For those of you in the know, you will be aware that Karen and I are in the USA on holidays. We spent today in Huntsville, Alabama and tomorrow we will be off to the US Space and Rocket Center.
What has this got to do with tools? Nothing really. But on the way here I did find a 1/4 inch drive torque wrench for USD28.00. Try even finding one in Queensland, yet alone for a real cost of about AUD35.00. Yesterday we also found a spark tester for USD8.00. Another tool that I struggled to find at home. Having one allows me to test output from the ignition coils on a motorcycle without risking damage to the CDI unit, which is usually very expensive to replace.
Anyhow, about using a torque wrench properly. Some home mechanics will say do not use one and have several stories of broken bolts and stripped threads. What they do not know and what I have learnt over the last year, is to use a torque wrench and to use it properly:
1. Check to see if the bolts are 'stretch bolts'. These are softer metal bolts that do actually stretch and should be replaced.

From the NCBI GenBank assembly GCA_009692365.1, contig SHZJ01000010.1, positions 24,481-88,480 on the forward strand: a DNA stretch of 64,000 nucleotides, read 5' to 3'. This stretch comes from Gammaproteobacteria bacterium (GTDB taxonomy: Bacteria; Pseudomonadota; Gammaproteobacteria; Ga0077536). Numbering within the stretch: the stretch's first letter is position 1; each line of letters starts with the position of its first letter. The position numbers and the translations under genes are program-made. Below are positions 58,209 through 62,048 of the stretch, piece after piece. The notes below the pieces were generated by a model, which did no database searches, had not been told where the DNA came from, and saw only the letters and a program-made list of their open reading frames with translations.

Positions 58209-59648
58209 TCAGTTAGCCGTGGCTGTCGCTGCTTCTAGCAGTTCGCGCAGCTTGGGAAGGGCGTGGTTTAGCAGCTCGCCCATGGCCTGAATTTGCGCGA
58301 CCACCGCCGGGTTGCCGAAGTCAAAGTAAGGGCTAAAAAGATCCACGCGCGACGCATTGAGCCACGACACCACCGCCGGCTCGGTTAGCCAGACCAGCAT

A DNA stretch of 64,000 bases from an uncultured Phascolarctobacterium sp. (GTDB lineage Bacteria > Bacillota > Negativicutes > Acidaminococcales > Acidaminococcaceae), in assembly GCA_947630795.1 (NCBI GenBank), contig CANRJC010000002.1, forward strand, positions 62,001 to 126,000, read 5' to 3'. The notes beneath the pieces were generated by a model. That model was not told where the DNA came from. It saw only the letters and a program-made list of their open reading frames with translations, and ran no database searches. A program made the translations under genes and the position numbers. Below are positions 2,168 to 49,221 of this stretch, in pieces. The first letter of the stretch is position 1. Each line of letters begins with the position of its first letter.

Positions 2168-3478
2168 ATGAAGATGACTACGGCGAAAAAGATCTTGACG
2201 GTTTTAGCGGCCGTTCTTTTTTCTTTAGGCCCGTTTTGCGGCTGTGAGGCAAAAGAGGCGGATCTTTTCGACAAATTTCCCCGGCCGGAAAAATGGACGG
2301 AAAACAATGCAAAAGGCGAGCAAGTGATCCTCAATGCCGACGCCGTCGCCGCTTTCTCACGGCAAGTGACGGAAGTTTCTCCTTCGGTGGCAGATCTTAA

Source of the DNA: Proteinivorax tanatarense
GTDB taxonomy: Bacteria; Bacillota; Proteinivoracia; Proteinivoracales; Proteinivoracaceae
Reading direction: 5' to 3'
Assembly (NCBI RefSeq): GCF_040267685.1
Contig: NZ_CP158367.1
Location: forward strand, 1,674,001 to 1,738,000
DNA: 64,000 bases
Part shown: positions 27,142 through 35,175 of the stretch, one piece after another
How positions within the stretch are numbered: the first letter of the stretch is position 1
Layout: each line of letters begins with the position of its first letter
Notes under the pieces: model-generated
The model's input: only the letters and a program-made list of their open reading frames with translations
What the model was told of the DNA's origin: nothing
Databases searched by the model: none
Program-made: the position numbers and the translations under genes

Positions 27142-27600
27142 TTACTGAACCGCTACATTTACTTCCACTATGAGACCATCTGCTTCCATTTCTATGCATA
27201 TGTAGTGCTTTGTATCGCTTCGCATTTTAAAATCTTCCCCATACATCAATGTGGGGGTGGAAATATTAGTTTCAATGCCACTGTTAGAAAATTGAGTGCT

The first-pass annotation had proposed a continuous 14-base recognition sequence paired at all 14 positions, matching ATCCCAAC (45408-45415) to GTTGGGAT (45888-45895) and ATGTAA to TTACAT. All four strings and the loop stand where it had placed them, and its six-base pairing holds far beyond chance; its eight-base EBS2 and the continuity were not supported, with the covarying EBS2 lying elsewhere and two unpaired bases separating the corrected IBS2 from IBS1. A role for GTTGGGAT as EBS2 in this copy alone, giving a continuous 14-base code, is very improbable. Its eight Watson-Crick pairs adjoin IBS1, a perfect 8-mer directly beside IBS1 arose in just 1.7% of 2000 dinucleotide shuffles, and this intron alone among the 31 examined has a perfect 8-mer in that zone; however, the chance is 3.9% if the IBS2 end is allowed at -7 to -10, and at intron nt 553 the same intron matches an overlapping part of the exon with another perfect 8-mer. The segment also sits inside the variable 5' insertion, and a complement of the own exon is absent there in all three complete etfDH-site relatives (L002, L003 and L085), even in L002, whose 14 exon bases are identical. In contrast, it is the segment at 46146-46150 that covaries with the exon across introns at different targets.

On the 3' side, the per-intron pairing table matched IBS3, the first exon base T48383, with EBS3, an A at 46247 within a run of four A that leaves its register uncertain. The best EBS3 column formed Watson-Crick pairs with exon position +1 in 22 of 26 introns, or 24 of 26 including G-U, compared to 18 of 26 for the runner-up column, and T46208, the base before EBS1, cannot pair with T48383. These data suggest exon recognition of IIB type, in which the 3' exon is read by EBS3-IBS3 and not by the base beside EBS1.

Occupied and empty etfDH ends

2. Clean the threads on the bolt and in the hole. You can use a wire brush, brake cleaner, a tap-and-die set or even some stainless steel bolts with a slit cut along the thread. This provides a cutting edge as well as a path for the debris to travel along and out on.
3. Check the motorcycle manual on the correct procedure. Does the bolt go in dry, with a specific grease or a threadlocker.
4. Finally, check the torque wrench instructions. Some require you to torque in steps, some require you to first lubricate the innards by torquing in a vise.
If you follow the correct procedures, broken bolts and stripped threads should become a thing of the past. In my case, at least, I hope it is.